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Linear motion - 2 algorithms


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#1 J.B47   Members   -  Reputation: 51

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Posted 01 October 2012 - 03:16 AM

Hi this is my first post. This subject may had been discused, but I do not know how to search it. I want to make a linear motion. I need the algorithm or functions to these problems:

- Move object from x,y to x2,y2 with linear motion, the function should return the time it took to complete the translation (with given velocity), and another function to calcute the velocity giving the time argument

- Would it be too hard to implement in a 3D environment?

Sorry for bad English / Double post
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Edited by J.B47, 01 October 2012 - 03:20 AM.


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#2 rnlf   Members   -  Reputation: 1167

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Posted 01 October 2012 - 03:42 AM

Actually, this is basically the same in 2D and 3D and it all follows directly from the definition of velocity.

velocity = distance / time, time = distance / velocity. All you need is the actual distance, which can be computed using vector subtraction (x2-x, y2-y) using the Pythagorean theorem: distance = sqrt(a^2+b^2). For 3D, you add the third dimension and are done.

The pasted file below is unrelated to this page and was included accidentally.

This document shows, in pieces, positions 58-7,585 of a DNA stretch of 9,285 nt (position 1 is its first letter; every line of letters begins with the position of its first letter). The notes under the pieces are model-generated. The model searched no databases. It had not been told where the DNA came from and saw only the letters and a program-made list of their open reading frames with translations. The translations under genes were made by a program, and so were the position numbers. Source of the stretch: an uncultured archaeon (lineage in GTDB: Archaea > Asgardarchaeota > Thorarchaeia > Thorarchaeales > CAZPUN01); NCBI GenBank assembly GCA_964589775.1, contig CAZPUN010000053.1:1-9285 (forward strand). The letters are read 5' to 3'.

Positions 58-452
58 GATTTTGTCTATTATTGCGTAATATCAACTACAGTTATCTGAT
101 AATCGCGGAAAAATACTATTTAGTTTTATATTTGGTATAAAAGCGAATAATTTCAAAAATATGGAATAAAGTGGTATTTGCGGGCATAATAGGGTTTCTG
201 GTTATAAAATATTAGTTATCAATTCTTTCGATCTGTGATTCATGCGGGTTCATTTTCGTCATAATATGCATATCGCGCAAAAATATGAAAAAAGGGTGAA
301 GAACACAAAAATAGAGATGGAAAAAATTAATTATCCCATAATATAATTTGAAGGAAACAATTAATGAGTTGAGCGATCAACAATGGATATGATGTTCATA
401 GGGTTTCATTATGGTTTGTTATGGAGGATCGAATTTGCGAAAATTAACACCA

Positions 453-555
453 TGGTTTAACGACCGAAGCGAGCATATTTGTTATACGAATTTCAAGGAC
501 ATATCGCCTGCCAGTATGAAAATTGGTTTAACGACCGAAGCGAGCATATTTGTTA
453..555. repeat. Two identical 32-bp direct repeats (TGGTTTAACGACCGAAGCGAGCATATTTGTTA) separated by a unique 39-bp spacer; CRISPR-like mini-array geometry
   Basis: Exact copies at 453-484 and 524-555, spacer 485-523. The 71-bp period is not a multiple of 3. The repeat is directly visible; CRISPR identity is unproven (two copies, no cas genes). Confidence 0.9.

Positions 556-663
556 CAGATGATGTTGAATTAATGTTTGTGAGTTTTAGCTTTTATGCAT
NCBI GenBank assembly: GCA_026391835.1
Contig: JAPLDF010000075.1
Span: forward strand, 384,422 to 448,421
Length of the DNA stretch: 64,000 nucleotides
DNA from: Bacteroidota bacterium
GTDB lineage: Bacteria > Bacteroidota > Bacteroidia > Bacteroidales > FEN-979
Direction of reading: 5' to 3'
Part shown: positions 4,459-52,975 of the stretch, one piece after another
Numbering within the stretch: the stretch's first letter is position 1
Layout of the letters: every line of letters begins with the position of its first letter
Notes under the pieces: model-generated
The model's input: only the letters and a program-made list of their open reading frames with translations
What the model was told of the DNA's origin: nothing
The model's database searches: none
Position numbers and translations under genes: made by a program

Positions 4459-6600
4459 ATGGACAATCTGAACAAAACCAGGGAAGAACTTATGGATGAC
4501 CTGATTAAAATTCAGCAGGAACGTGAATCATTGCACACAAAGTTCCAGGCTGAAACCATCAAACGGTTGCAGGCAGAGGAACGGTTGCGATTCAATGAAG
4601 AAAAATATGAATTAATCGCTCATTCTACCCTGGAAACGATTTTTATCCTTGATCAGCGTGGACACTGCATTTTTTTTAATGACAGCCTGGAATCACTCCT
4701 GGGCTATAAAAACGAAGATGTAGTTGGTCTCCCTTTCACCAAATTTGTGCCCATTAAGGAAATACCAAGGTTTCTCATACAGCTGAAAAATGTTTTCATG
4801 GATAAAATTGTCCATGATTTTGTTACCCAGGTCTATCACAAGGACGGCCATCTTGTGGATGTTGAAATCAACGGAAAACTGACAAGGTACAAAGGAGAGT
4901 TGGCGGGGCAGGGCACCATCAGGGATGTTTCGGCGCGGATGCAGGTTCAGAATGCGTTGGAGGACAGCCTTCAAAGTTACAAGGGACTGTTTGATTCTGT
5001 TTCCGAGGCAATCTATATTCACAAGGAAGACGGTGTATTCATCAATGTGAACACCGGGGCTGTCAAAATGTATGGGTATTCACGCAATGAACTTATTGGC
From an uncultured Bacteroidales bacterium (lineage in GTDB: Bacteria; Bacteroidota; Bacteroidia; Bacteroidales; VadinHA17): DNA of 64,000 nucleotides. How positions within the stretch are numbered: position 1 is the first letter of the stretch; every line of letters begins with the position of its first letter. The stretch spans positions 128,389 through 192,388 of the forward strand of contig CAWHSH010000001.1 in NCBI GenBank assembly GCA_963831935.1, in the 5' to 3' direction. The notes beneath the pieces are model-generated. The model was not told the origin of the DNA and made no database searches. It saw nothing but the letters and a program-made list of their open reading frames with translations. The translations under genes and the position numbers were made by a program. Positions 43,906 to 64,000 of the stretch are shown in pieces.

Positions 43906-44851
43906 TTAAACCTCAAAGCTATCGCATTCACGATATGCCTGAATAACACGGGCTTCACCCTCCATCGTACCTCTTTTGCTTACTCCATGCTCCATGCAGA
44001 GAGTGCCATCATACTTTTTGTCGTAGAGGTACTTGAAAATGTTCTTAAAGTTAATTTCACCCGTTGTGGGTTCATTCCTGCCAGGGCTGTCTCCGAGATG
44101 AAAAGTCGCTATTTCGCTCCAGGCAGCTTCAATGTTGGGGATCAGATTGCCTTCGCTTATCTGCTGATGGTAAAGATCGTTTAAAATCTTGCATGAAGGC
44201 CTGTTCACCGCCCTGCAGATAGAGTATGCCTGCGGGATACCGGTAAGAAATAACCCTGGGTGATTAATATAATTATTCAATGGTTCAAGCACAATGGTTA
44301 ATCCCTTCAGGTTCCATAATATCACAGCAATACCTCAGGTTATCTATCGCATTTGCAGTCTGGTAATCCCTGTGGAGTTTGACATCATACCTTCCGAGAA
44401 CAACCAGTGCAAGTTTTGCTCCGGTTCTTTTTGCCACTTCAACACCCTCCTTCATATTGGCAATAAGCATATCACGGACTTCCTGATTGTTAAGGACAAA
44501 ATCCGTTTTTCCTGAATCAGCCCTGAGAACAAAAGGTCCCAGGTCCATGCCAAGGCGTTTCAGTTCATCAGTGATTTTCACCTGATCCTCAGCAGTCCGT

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#3 J.B47   Members   -  Reputation: 51

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Posted 01 October 2012 - 11:39 AM

Actually, this is basically the same in 2D and 3D and it all follows directly from the definition of velocity.

velocity = distance / time, time = distance / velocity. All you need is the actual distance, which can be computed using vector subtraction (x2-x, y2-y) using the Pythagorean theorem: distance = sqrt(a^2+b^2). For 3D, you add the third dimension and are done.


Hi rnlf. Thanks for pointing me up! I have another question, how do i get X2, Y2 position depending of the given time, velocity, and distance? Do i need the slope of the line?
http://en.wikipedia.org/wiki/Slope

Edited by J.B47, 01 October 2012 - 01:02 PM.


#4 rnlf   Members   -  Reputation: 1167

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Posted 02 October 2012 - 01:28 AM